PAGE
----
The Missing Link in Pharmaceutical R&D: Scientific Leaders Are Essential to Success
New Booz & Company research points to an unexpected and unheralded source of potential productivity in the quest to discover new drugs—mid-level managers in the R&D function. Pharmaceutical companies can raise their productivity significantly by recognizing and activating the unique impact of leaders across the middle.
Charley Beever Anna Pettersson Greg Rotz August Vlak
The Missing Link in Pharmaceutical R&D Scientific Leaders Are Essential to Success
This report was originally published before March 31, 2014, when Booz & Company became Strategy&, part of the PwC network of firms. For more information visit www.strategyand.pwc.com.
Contact Information DC Greg Rotz Partner +1-703-905-4140 email@example.com Düsseldorf Michael Ruhl Partner +49-211-3890-183 firstname.lastname@example.org London Tobias Handschuh Principal +44-20-7393-3368 email@example.com New York Charley Beever Partner +1-212-551-6443 firstname.lastname@example.org August Vlak Senior Executive Advisor +1-212-551-6113 email@example.com Anna Pettersson Principal +1-212-551-6604 firstname.lastname@example.org San Francisco Avi Kulkarni Principal +1-415-627-3390 email@example.com Tokyo Kenji Mitsui Principal +81-3-6757-8692 firstname.lastname@example.org Zürich Matthias Buente Partner +41-43-268-2136 email@example.com
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Despite more than doubling its spending on research and development over the last 10 years, the pharmaceutical industry’s success rate in finding new drugs has been disappointing. Yet new research by Booz & Company points to an unexpected and unheralded source of potential productivity—mid-level managers in the R&D function. Pharmaceutical companies can raise their productivity significantly by recognizing and activating the unique impact of leaders across the middle. Leaders at this level have the ability to identify and enable the company’s most creative bench scientists, to cultivate new scientific insights, to identify and connect with the most promising external sources of innovation, to nurture and navigate promising ideas through complex organizational decision making, to reinforce an environment of topquality science, and to keep the brightest minds engaged day in and day out. This group of managers represents an underutilized asset that could, if properly activated, lead to new breakthroughs in pharmaceutical productivity.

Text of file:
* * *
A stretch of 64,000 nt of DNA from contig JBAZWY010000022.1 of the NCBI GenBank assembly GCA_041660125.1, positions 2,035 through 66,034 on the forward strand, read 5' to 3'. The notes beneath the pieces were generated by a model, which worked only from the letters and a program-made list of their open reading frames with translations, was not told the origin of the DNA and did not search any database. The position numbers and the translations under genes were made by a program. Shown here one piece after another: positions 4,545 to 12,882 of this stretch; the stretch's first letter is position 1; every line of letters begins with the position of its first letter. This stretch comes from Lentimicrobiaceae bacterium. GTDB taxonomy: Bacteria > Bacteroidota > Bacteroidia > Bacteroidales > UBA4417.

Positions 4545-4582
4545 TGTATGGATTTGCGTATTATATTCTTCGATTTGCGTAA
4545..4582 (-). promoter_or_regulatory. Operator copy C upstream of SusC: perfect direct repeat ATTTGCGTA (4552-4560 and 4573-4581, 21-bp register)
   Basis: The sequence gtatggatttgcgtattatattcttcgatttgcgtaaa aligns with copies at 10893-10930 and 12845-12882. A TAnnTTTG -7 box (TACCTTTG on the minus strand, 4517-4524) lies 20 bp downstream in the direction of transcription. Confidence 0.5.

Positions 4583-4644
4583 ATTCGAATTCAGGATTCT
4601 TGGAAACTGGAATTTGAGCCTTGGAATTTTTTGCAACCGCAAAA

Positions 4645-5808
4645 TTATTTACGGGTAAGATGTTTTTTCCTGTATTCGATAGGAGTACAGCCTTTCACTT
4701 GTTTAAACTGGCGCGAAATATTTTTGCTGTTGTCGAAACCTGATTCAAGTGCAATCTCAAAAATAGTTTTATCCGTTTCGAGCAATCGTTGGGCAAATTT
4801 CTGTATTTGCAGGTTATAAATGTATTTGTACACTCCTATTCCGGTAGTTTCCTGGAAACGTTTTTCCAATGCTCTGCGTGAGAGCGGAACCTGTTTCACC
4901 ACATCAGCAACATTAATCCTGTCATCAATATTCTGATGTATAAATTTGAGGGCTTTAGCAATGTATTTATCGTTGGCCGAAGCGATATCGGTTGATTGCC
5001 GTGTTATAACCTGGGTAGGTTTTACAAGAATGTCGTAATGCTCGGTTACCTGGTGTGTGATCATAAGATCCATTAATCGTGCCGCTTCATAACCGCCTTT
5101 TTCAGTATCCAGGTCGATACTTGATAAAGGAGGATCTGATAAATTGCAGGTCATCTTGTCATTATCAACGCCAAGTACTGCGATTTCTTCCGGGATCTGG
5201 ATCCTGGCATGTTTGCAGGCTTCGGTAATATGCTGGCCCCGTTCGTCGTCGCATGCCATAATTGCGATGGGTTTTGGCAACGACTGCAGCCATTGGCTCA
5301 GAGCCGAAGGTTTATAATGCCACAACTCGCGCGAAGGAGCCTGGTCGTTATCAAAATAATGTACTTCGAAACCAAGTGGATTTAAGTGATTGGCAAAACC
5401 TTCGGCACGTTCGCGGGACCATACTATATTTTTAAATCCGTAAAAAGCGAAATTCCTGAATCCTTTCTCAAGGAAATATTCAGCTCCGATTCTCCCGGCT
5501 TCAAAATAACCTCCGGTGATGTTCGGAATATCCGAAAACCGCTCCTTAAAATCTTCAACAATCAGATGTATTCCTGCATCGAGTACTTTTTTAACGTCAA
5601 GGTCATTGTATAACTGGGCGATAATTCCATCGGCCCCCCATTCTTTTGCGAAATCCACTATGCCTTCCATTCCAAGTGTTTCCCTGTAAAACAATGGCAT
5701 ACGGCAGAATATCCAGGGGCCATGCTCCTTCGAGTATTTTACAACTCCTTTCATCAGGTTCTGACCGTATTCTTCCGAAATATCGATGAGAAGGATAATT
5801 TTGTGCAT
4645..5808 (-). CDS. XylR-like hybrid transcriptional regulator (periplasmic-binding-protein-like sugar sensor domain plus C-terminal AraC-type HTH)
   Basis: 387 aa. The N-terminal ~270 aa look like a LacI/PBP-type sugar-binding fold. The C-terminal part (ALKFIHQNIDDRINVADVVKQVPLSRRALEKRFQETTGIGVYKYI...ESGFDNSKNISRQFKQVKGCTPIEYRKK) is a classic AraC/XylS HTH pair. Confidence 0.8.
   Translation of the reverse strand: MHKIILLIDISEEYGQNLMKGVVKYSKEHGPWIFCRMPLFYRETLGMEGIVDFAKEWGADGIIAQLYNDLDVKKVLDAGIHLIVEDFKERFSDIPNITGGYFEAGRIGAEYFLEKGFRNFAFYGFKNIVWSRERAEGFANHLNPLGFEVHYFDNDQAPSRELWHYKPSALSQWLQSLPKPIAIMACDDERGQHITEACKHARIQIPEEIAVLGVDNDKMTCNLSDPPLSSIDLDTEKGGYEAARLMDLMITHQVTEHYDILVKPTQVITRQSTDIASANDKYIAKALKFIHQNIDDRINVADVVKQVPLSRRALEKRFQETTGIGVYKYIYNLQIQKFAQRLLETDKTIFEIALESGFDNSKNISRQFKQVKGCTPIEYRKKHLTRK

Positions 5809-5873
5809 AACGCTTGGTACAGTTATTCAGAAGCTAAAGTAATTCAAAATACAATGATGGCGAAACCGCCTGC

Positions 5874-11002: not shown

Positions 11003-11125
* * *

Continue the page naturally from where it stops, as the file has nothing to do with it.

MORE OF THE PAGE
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BIGGER COMPANIES, LESS SUCCESS
By nearly all measures, new drug discovery and development has been declining for more than a decade— even as spending by the largest companies has more than doubled. Why? A wave of consolidation in the pharmaceutical industry over the past two decades has created larger companies with bigger product portfolios, but almost across the board, it has saddled discovery units with diseconomies of scale and too much bureaucracy to be effective. As a result, the capacity to generate new insights and make shrewd investment decisions has not grown proportionally and has even declined. The rate of new drug discovery over the past 10 years has been so poor that the head of one big pharmaceutical company has dubbed it the “lost decade.” In an attempt to reverse this trend and increase productivity, innovative R&D organizations have deployed a range of different management, technology, process, and structural solutions:
• Earlier commercial involvement in project decision making in an effort to enhance focus on commercially relevant compounds • More rigorous portfolio management procedures and increasingly stringent criteria for the adoption of new projects, including, for example, human genetic validation of new drug targets, or decisive results from knockdown or in vivo gene manipulation • Clearer guidelines for handover from discovery to development, and the growth of translational research capabilities • More sophisticated and comprehensive incentive and reward structures • New structural solutions that rely on more external partnerships for discovery and outsourcing of “noncore” activities
The rate of new drug discovery has been so poor that the head of one big pharmaceutical company has dubbed this the “lost decade.”